It was a contradiction of his earlier pronouncement that the polls should proceed as scheduled despite the ongoing push for federalism.
Cesar Ramirez
Speaker Alvarez proposes no-elections in 2019 for federalism
Delon Porcalla (The Philippine Star) - July 12, 2018 - 12:00am

MANILA, Philippines — If the administration wants to keep its focus on shepherding the country to federalism, it should cancel the midterm elections in May next year to make sure lawmakers would be available to tackle the necessary changes in the Charter, Speaker Pantaleon Alvarez said yesterday.

It was a contradiction of his earlier pronouncement that the polls should proceed as scheduled despite the ongoing push for federalism.

“How can we have quorum? Of course congressmen will campaign – it’s elections, it’s survival,” Alvarez told reporters in Filipino. “So how can we work on proposal to revise the Constitution?”

The deadline for the filing of certificates of candidacy is in October.

“If we really want to get it done, we really need to carefully study the timetable,” he said in Filipino.

He made the remarks after the 25-man consultative committee (Concom) led by retired chief justice Reynato Puno submitted its draft federal charter.

Cancelling the 2019 elections, according to Alvarez, would be practical as it would pave the way for an easier transition to the proposed federal form of government.

The Speaker said lawmakers would be very busy in the next few months, especially with the coming third State of the Nation Address of President Duterte on July 23, the filing of candidacy in October and the start of the campaign season in February.

“Focus is really needed, we can’t do it (Charter change) recklessly,” he said.

Last January, Alvarez ruled out scrapping the May elections amid the push for federalism after initially raising the no-election scenario.

House Majority Leader Rodolfo Farinas also said the House would need more time to tackle Charter change as he cited the four months that it took the Concom to finish its draft constitution. “Can we do it in two months? Then we really have to rush it. If the leadership decides to have the proposal implemented, then we will really work on it,” Fariñas said in Filipino.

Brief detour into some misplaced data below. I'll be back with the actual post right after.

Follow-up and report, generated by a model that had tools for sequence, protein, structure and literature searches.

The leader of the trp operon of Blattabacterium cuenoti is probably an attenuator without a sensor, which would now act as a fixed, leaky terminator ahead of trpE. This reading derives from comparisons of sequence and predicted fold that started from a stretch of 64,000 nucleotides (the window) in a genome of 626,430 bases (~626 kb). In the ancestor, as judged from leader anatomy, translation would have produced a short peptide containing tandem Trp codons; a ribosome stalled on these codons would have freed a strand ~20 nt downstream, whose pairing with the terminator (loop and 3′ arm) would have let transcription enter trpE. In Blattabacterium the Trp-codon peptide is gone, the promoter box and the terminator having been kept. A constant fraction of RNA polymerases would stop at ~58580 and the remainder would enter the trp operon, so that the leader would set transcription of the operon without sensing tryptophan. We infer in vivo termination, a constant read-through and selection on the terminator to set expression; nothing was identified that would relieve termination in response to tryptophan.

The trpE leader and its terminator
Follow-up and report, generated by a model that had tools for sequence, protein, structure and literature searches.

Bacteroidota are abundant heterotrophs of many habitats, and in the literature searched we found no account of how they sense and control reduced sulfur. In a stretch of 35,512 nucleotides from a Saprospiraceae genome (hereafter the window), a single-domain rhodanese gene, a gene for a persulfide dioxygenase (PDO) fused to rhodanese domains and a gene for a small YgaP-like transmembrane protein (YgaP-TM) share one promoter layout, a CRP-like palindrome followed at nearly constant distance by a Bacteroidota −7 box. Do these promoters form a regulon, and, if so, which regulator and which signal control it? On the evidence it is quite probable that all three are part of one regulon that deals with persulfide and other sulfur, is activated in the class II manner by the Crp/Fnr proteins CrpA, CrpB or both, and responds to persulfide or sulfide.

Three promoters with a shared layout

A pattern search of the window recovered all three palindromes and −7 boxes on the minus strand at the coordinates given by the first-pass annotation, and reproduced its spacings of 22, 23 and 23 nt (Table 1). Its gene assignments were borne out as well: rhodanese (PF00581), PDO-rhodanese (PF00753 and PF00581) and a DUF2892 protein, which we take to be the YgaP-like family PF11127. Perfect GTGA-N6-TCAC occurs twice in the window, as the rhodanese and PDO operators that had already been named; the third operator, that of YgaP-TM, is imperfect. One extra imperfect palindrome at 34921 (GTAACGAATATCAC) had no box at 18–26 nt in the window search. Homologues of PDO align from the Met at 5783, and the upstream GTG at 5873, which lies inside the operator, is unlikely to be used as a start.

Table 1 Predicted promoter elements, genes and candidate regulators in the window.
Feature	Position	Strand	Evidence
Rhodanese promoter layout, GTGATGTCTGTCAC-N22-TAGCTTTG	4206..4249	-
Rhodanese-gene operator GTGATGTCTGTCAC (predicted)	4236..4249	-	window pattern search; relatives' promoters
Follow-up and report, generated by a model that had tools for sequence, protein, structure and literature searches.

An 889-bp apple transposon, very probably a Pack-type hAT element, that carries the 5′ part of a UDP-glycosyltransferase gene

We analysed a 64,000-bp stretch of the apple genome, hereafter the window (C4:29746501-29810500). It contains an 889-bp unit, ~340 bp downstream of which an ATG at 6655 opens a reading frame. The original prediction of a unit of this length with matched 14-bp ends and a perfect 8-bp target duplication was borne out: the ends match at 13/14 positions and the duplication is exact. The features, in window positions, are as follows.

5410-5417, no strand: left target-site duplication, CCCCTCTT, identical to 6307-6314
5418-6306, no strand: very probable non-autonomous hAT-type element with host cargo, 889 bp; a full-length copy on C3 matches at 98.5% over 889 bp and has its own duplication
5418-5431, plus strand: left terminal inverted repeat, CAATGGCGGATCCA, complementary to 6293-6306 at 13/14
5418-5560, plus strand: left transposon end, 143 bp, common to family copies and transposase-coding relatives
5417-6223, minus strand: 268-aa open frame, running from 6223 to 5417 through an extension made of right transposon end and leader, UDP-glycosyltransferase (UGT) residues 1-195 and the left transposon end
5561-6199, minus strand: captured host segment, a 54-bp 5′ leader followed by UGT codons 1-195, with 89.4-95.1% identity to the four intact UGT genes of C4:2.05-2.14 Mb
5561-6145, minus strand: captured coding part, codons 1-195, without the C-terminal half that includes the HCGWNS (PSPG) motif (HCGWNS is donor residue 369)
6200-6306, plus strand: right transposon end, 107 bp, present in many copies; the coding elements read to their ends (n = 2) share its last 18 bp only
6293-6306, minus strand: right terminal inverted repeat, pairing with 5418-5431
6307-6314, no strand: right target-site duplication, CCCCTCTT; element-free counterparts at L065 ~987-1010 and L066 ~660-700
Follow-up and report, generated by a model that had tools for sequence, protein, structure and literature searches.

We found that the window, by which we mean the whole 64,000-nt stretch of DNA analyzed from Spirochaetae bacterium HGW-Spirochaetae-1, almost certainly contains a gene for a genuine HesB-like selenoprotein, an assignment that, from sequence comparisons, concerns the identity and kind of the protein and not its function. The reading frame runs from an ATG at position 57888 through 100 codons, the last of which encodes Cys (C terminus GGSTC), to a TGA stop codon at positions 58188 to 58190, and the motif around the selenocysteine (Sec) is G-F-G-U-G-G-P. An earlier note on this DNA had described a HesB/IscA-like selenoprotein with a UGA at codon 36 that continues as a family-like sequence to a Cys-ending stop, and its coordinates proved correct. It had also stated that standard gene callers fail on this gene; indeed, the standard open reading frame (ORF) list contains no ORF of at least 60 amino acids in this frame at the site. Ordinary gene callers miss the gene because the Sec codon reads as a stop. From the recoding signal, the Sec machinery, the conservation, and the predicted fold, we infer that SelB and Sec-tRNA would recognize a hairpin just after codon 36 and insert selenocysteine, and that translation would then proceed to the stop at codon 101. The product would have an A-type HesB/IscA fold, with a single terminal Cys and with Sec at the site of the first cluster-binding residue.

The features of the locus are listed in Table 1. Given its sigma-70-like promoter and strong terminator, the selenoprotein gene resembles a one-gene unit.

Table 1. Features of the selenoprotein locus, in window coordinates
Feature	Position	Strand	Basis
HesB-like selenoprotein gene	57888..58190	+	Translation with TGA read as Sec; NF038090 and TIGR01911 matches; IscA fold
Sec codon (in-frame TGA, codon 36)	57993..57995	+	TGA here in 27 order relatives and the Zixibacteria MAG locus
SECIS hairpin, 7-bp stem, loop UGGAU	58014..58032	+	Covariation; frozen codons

The House leadership, he stressed, has yet to pore over the contents of the draft federal charter.

Fariñas said they would have to wait for the official transmittal of the draft charter from the Office of the President before they could work on it.

The House committee on constitutional amendments has also prepared its own draft federal charter.

Meanwhile, Senate President Vicente Sotto III scoffed at Alvarez’s statement regarding canceling the May 2019 elections.

He said postponing or scrapping the elections next year would not be possible without amending Article VI Section 8 of the Constitution, which sets the elections of senators and members of the House of Representatives every second Monday of May every three years.

Sotto said he strongly doubts his colleagues would support Alvarez’s suggestion.

Senate Minority Leader Franklin Drilon, for his part, said the administration – in its attempt to amend the Constitution – was  assuming that Filipinos or a majority of them want Charter change at this time.

“Instead of amending the Constitution now, which may result in a no-el (no elections) in 2019, would they want government to address first issues as rising prices, poverty, EJKs (extrajudicial killings) and peace and order, etcetera?” Drilon said.

He described the Concom’s draft as just a “reference” to be used by Congress, if and when lawmakers decide to start the process of amending the Constitution.

He said the Senate committee on constitutional amendments, chaired by opposition Sen. Francis Pangilinan, held hearings the past several months centered on three questions: Is there a need to amend the 1987 Constitution; If yes, what is the preferred mode, constitutional convention or constituent assembly? If by constituent assembly, will it be separate or joint voting for the two chambers.

Sen. Paolo Benigno Aquino IV urged the public to be vigilant, saying the Charter change being pushed by the administration “could deprive people of the right to choose their next leaders.”

Meanwhile, the Concom recommended the inclusion of the past four presidents in the 18-man transition team that it agreed to organize to clear the way for federalism.

Puno said an elected transitory president will head the transition committee, 10 members of which will be experts in economics, law and governance development, among others.

Ex-officio members will include the transitory vice president, the sitting Senate president, House speaker and the four previous presidents, Puno said.

The composition of the committee reflects a “more balanced” sharing of power, he told reporters.

“They will be the ones to see to it that the shift to federal government will be as smooth as possible,” he added. – With Paolo Romero, Robertzon Ramirez

CHARTER CHANGE FEDERALISM PANTALEON ALVAREZ
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